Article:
At the moment, neither the access nor the positive outcomes that would result are happening fast enough. This reality is partly a result of girls’ disempowerment. I’m certain there are tens of millions of girls—and there are countless across Africa—who’d love to study through high school and even university. But many others are doubtful about their prospects and their own capabilities: My mom didn’t make it even this far in school, they tell themselves, so what makes me think I can make it to that level, or even further? You’re a rural girl, the voice whispers, you probably won’t go anywhere in life, even with some education. Why keep going?
If you don’t marry, have a child, and settle for a life of motherhood on a farm, scrabbling for food and fuel for your family, what options await you? You could move from your village to Kampala and work as a maid in the home of a wealthier family.
Perhaps that’s the life of the young woman who’s walking by as we’re holding our placards at a strike. What are they doing? she might ask herself, with a mixture of curiosity and puzzlement. But there’s no time to think more; she’s likely in a hurry, seeking the fastest ways of securing the household items her employer has requested. So, she gets into a matatu (public mini-bus) and heads back to prepare dinner, or wash the floors, or clean the family’s clothes. Honestly, I can’t see her paying much attention to us at all.
Could someone like her, let alone a young woman in a village, become a climate activist? How would she have the time? Practically, she’d probably only have a flip phone, not the smart-phone so many of us now carry. That would make accessing the Internet difficult and expensive, so she’d be disconnected from what’s happening in the wider world. By the time she’d turned twenty, she’d probably be looking for another job. Her employer, worrying that her husband might now look at the young woman with sexual interest, would dismiss her. This is something that happens all the time. Then she would be struggling to find a new source of income and some stability.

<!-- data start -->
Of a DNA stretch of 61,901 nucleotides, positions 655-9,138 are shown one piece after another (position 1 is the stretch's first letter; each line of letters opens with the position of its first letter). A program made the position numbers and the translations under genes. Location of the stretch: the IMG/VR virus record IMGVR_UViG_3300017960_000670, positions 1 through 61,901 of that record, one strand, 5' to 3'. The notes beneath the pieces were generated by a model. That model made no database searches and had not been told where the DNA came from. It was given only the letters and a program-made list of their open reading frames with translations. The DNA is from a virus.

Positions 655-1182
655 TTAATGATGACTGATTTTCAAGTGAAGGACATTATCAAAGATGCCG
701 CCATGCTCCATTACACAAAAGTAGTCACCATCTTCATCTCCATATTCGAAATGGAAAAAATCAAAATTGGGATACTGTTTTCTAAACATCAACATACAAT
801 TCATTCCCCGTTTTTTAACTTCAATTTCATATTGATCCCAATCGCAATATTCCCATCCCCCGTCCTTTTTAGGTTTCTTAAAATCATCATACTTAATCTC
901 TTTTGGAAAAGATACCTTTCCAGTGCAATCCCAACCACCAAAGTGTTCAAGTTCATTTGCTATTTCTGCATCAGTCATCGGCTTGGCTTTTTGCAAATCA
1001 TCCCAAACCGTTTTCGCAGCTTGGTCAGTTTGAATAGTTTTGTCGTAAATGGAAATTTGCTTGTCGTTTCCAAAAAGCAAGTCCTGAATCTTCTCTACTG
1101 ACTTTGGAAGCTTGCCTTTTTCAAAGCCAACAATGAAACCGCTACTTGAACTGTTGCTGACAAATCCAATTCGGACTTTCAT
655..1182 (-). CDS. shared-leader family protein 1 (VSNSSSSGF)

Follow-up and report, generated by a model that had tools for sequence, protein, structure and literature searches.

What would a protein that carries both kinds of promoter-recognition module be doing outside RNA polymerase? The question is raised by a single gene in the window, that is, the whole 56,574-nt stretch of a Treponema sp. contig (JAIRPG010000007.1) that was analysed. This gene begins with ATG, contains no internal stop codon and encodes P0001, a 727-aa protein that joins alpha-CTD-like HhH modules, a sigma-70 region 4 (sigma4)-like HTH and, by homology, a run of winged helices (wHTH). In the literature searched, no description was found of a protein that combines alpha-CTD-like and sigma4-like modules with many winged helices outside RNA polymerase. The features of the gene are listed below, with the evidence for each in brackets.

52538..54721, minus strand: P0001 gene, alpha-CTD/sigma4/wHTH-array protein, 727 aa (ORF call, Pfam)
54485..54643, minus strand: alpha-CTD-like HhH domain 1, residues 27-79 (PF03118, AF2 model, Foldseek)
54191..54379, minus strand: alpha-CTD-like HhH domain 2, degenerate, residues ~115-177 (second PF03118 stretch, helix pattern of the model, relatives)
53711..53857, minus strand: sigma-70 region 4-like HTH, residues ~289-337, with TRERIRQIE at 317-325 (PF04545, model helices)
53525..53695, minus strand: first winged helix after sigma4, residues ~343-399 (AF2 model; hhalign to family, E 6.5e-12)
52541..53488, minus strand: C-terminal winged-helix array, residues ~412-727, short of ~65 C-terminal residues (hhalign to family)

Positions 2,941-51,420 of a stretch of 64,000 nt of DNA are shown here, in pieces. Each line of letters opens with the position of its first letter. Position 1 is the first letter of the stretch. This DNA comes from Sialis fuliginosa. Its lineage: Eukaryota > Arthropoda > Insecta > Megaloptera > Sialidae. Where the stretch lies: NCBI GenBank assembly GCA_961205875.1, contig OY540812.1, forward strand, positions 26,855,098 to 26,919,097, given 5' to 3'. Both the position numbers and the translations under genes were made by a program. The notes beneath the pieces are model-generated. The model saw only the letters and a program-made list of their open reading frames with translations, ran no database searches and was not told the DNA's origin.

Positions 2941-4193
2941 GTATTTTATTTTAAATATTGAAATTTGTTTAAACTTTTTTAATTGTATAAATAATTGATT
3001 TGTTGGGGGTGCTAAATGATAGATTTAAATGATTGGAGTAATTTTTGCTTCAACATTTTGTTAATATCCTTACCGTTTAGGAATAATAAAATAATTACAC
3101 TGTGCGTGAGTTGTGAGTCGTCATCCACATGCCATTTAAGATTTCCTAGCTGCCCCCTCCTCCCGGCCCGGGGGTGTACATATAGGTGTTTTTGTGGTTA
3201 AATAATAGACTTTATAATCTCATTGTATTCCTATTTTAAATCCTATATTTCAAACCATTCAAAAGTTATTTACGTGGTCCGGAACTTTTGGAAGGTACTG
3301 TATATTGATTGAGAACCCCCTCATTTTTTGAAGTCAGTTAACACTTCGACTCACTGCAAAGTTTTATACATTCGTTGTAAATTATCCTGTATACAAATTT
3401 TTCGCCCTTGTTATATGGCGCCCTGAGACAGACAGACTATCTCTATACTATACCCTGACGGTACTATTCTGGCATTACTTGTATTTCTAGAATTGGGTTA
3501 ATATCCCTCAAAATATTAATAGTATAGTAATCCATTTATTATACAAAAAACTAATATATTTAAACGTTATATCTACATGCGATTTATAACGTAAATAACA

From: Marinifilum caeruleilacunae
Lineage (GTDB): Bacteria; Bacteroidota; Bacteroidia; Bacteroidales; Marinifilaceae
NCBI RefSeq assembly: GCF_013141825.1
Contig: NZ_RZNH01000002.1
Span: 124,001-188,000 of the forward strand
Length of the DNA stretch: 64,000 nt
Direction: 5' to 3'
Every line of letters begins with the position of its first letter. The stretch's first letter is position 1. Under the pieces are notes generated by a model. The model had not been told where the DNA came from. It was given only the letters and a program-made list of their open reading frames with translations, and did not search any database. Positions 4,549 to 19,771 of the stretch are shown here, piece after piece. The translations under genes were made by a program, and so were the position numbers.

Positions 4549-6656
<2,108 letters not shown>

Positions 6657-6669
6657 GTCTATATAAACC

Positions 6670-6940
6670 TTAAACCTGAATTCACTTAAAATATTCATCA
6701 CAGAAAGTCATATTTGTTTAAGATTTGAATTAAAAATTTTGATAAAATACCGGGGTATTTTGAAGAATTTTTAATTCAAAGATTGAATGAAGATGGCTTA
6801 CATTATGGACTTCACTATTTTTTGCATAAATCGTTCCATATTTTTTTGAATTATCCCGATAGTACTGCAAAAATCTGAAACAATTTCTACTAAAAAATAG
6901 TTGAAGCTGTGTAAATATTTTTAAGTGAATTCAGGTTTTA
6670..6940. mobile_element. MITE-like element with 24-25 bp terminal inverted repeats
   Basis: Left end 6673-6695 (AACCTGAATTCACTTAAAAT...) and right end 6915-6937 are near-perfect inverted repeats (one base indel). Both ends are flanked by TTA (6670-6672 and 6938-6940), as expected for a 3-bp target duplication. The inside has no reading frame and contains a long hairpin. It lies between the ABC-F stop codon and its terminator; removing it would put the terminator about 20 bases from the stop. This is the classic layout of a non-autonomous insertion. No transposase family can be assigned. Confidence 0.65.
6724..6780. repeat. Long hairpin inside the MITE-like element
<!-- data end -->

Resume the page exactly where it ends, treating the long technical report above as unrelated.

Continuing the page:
Perhaps it’s not the worst fate, but is it really all we want for those girls? To me, these are “survival” lives. Would these young women have chosen these futures if other paths had been open to them, like finishing secondary school, maybe completing a university degree, then getting a job and attaining financial independence, or even becoming engaged in activism?
It’s a depressing reality that the Covid pandemic has made situations such as I’ve described even worse, and in the same parts of the planet where the climate crisis is a daily emergency. Covid and the consequences of climate change have intensified pressures on household incomes across Africa, Latin America, and Asia. School fees, especially for girls, have become a luxury that has to be cut from the family budget, as it was for Hilda Nakabuye. Millions of girls, as well as many boys, may never return to schools once they’ve fully reopened, and the hard-fought gains in girls’ education made in recent decades may be diluted. We may never know for sure how many children and adolescents have been affected, nor be able to add up all the costs of the pandemic to them, to society, and to the climate.
Excerpted from A BIGGER PICTURE: My Fight to Bring a New African Voice to the Climate Crisis by Vanessa Nakate. Copyright © 2021 by Vanessa Nakate. Reprinted by permission of Mariner Books, an imprint of HarperCollins Publishers. All rights reserved.
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Vanessa Nakate is founder of the Rise Up climate movement and the Vash Green Schools Project, which aims to install solar panels on all of Uganda’s 24,000 schools. She has spearheaded the Save Congo Rainforest campaign. The United Nations named her a Young Leader for the Sustainable Development Goals in 2020, and Time magazine named her to its Time100 Next list in 2021. She lives in Kampala, Uganda. A Bigger Picture is her first book.